The favourable characteristics, which typically apply to low-income countries, can explain the weaker overall effects in low-income countries. In particular, once we control for these country characteristics in a panel regression, we find that the decline of economic activity becomes smaller when income per capita is higher.


There will be more frequent and greater downturns in economic activity compared to a ‘no climate change’ scenario through increases in global food commodity prices that are the consequence of extreme weather events in major agricultural production regions, such as droughts and heatwaves. In contrast to common perception (e.g. Financial Times 2021, Espitia et al. 2020), the macroeconomic repercussions of increases in global food prices are greater in advanced economies than in low-income countries. This suggests that the consequences of climate change on advanced countries may be greater than previously thought. This also implies that we need a more nuanced debate on the welfare effects of higher food prices, as earlier argued by Headey (2011) and Hertel and Rosch (2011).

Finally, swings in global food prices appear to be important for economic activity in many countries. The strong rise of global food commodity prices since the outbreak of COVID-19 could thus seriously impede the recovery.

References available at the original.

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About Lambert Strether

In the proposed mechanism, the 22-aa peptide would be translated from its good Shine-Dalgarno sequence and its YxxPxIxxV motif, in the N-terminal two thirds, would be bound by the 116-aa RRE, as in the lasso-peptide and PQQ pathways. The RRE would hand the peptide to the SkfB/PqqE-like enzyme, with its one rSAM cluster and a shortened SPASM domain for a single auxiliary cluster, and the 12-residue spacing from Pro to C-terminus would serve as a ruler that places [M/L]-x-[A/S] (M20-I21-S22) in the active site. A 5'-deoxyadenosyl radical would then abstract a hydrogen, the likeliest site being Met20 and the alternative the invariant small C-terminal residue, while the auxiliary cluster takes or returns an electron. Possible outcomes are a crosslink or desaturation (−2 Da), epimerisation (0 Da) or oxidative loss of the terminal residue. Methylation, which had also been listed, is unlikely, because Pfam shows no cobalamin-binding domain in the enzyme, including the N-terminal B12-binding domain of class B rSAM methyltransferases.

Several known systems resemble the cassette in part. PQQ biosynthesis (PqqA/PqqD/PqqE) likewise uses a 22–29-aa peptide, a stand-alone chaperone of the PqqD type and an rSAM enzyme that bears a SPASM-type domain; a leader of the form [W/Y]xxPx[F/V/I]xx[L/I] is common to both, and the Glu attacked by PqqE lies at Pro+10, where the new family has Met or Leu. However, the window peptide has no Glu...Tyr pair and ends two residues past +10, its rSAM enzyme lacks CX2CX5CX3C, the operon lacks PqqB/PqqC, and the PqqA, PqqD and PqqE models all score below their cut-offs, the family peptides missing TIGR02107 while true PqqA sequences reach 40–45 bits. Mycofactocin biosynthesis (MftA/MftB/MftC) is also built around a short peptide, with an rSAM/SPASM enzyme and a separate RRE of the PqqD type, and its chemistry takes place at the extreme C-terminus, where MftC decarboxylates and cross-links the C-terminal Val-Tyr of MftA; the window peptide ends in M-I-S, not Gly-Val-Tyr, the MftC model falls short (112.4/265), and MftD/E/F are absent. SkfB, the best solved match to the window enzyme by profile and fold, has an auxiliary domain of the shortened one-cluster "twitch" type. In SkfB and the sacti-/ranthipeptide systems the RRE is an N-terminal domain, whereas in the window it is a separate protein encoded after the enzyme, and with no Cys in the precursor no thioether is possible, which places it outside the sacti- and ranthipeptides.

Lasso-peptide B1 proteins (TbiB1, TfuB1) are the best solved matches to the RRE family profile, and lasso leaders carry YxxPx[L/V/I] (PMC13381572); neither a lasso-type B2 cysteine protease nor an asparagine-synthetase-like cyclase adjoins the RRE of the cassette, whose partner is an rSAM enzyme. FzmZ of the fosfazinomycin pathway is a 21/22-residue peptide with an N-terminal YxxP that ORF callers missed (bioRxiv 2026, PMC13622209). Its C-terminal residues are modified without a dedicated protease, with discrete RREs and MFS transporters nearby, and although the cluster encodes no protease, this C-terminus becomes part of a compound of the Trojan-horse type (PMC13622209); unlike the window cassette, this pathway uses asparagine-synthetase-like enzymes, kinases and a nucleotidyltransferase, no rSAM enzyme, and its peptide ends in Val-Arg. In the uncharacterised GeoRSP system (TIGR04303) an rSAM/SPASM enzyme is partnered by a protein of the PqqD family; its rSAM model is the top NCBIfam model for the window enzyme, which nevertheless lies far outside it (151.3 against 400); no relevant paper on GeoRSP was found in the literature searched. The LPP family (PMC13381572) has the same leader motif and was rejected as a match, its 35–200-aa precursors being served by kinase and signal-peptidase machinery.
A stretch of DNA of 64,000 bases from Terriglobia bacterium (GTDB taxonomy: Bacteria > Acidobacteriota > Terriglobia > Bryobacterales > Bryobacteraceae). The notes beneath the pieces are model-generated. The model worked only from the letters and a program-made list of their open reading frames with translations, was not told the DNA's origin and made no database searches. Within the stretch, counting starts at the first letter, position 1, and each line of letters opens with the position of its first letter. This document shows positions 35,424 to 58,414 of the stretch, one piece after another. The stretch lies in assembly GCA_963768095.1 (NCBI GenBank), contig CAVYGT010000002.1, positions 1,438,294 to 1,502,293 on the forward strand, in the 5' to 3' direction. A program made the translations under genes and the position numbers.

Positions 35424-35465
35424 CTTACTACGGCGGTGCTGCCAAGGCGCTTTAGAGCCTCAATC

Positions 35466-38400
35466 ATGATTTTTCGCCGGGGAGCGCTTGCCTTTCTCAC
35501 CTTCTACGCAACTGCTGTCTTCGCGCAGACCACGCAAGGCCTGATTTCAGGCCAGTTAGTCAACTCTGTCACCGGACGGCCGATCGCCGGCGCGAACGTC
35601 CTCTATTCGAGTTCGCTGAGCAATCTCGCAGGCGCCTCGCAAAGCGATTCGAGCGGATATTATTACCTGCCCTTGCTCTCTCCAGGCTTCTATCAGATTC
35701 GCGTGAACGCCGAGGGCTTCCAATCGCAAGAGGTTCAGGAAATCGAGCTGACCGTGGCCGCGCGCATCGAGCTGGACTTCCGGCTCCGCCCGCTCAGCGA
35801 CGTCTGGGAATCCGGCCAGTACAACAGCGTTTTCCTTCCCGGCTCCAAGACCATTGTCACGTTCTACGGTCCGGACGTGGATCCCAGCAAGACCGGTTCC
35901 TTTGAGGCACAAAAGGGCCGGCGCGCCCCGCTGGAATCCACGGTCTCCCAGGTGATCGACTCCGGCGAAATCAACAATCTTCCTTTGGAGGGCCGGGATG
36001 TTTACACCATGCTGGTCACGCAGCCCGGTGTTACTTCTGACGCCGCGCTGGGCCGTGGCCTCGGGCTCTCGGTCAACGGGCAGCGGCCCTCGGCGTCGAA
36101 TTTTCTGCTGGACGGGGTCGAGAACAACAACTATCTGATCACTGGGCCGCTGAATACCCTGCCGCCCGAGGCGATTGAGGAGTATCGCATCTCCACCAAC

Readers, I have had a correspondent characterize my views as realistic cynical. Let me briefly explain them. I believe in universal programs that provide concrete material benefits, especially to the working class. Medicare for All is the prime example, but tuition-free college and a Post Office Bank also fall under this heading. So do a Jobs Guarantee and a Debt Jubilee. Clearly, neither liberal Democrats nor conservative Republicans can deliver on such programs, because the two are different flavors of neoliberalism (“Because markets”). I don’t much care about the “ism” that delivers the benefits, although whichever one does have to put common humanity first, as opposed to markets. Could be a second FDR saving capitalism, democratic socialism leashing and collaring it, or communism razing it. I don’t much care, as long as the benefits are delivered. To me, the key issue — and this is why Medicare for All is always first with me — is the tens of thousands of excess “deaths from despair,” as described by the Case-Deaton study, and other recent studies. That enormous body count makes Medicare for All, at the very least, a moral and strategic imperative. And that level of suffering and organic damage makes the concerns of identity politics — even the worthy fight to help the refugees Bush, Obama, and Clinton’s wars created — bright shiny objects by comparison. Hence my frustration with the news flow — currently in my view the swirling intersection of two, separate Shock Doctrine campaigns, one by the Administration, and the other by out-of-power liberals and their allies in the State and in the press — a news flow that constantly forces me to focus on matters that I regard as of secondary importance to the excess deaths. What kind of political economy is it that halts or even reverses the increases in life expectancy that civilized societies have achieved? I am also very hopeful that the continuing destruction of both party establishments will open the space for voices supporting programs similar to those I have listed; let’s call such voices “the left.” Volatility creates opportunity, especially if the Democrat establishment, which puts markets first and opposes all such programs, isn’t allowed to get back into the saddle. Eyes on the prize! I love the tactical level, and secretly love even the horse race, since I’ve been blogging about it daily for fourteen years, but everything I write has this perspective at the back of it.